Townshend was returned as Whig Member of Parliament for Winchelsea at the 1722 British general election and was appointed under-secretary of state to his father in 1724. At the 1727 British general election, he was returned for both Hastings and Cambridge University and chose to represent Cambridge. He was appointed Teller of the Exchequer in 1727 and held the post for the rest of his life. In 1730 his father went out of office and Townshend lost his position as under-secretary. He was returned unopposed for Cambridge University at the 1734 British general election and was appointed secretary to the Duke of Devonshire, the lord lieutenant of Ireland in 1739. He was returned unopposed in 1741 and 1747. [3]

Winchelsea was a parliamentary constituency in Sussex, which elected two Members of Parliament (MPs) to the House of Commons from 1366 until 1832, when it was abolished by the Great Reform Act.

1722 British general election

The 1722 British general election elected members to serve in the House of Commons of the 6th Parliament of Great Britain. This was the fifth such election since the merger of the Parliament of England and the Parliament of Scotland in 1707. Thanks to the Septennial Act of 1715, which swept away the maximum three-year life of a parliament created by the Meeting of Parliament Act 1694, it followed some seven years after the previous election, that of 1715.

1727 British general election

The 1727 British general election returned members to serve in the House of Commons of the 7th Parliament of Great Britain to be summoned, after the merger of the Parliament of England and the Parliament of Scotland in 1707. The election was triggered by the death of King George I; at the time, it was the convention to hold new elections following the succession of a new monarch. The Tories, led in the House of Commons by William Wyndham, and under the direction of Bolingbroke, who had returned to the country in 1723 after being pardoned for his role in the Jacobite rising of 1715, lost further ground to the Whigs, rendering them ineffectual and largely irrelevant to practical politics. A group known as the Patriot Whigs, led by William Pulteney, who were disenchanted with Walpole's government and believed he was betraying Whig principles, had been formed prior to the election. Bolingbroke and Pulteney had not expected the next election to occur until 1729, and were consequently caught unprepared and failed to make any gains against the government party.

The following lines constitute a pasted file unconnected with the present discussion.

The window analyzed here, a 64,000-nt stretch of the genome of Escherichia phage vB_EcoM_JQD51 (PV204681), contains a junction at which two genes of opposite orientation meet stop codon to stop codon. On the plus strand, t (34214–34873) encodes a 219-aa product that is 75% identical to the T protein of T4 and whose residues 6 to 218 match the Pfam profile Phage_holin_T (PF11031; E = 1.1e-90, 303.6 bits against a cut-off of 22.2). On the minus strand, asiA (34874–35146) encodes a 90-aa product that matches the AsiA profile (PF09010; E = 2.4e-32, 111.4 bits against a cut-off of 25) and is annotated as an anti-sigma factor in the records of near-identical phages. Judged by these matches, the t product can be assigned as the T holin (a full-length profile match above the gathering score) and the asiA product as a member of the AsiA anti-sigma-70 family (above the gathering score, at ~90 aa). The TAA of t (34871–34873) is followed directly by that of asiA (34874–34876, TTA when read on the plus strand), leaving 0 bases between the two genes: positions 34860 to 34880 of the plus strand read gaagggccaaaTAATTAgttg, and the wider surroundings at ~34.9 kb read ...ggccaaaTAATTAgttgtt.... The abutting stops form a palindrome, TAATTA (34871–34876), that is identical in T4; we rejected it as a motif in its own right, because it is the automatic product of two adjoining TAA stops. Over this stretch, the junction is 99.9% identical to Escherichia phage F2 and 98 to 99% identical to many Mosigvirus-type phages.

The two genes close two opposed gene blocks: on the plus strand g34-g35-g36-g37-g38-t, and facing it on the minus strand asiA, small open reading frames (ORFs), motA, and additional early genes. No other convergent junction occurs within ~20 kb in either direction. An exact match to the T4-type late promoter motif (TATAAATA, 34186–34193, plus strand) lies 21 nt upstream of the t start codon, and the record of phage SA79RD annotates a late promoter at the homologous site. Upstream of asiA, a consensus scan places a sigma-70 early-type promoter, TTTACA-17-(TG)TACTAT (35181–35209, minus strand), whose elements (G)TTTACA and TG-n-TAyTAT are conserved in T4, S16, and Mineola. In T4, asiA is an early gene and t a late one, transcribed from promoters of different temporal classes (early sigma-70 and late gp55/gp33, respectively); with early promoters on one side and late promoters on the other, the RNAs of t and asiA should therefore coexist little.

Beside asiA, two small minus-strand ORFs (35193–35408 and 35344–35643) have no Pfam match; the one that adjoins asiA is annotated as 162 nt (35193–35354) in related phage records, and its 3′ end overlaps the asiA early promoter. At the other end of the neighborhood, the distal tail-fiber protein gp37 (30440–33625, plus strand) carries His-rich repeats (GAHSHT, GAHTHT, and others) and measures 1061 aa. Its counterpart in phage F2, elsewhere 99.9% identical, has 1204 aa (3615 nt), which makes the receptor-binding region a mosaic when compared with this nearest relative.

Townshend was returned as MP for Cambridge University in 1754, 1761 and 1768. He was a regular attender in Parliament and made occasional speeches. [4]

1754 British general election

The 1754 British general election returned members to serve in the House of Commons of the 11th Parliament of Great Britain to be summoned, after the merger of the Parliament of England and the Parliament of Scotland in 1707. Owing to the extensive use of corruption and the Duke of Newcastle's personal influence in the pocket boroughs, the government was returned to office with a working majority.

1761 British general election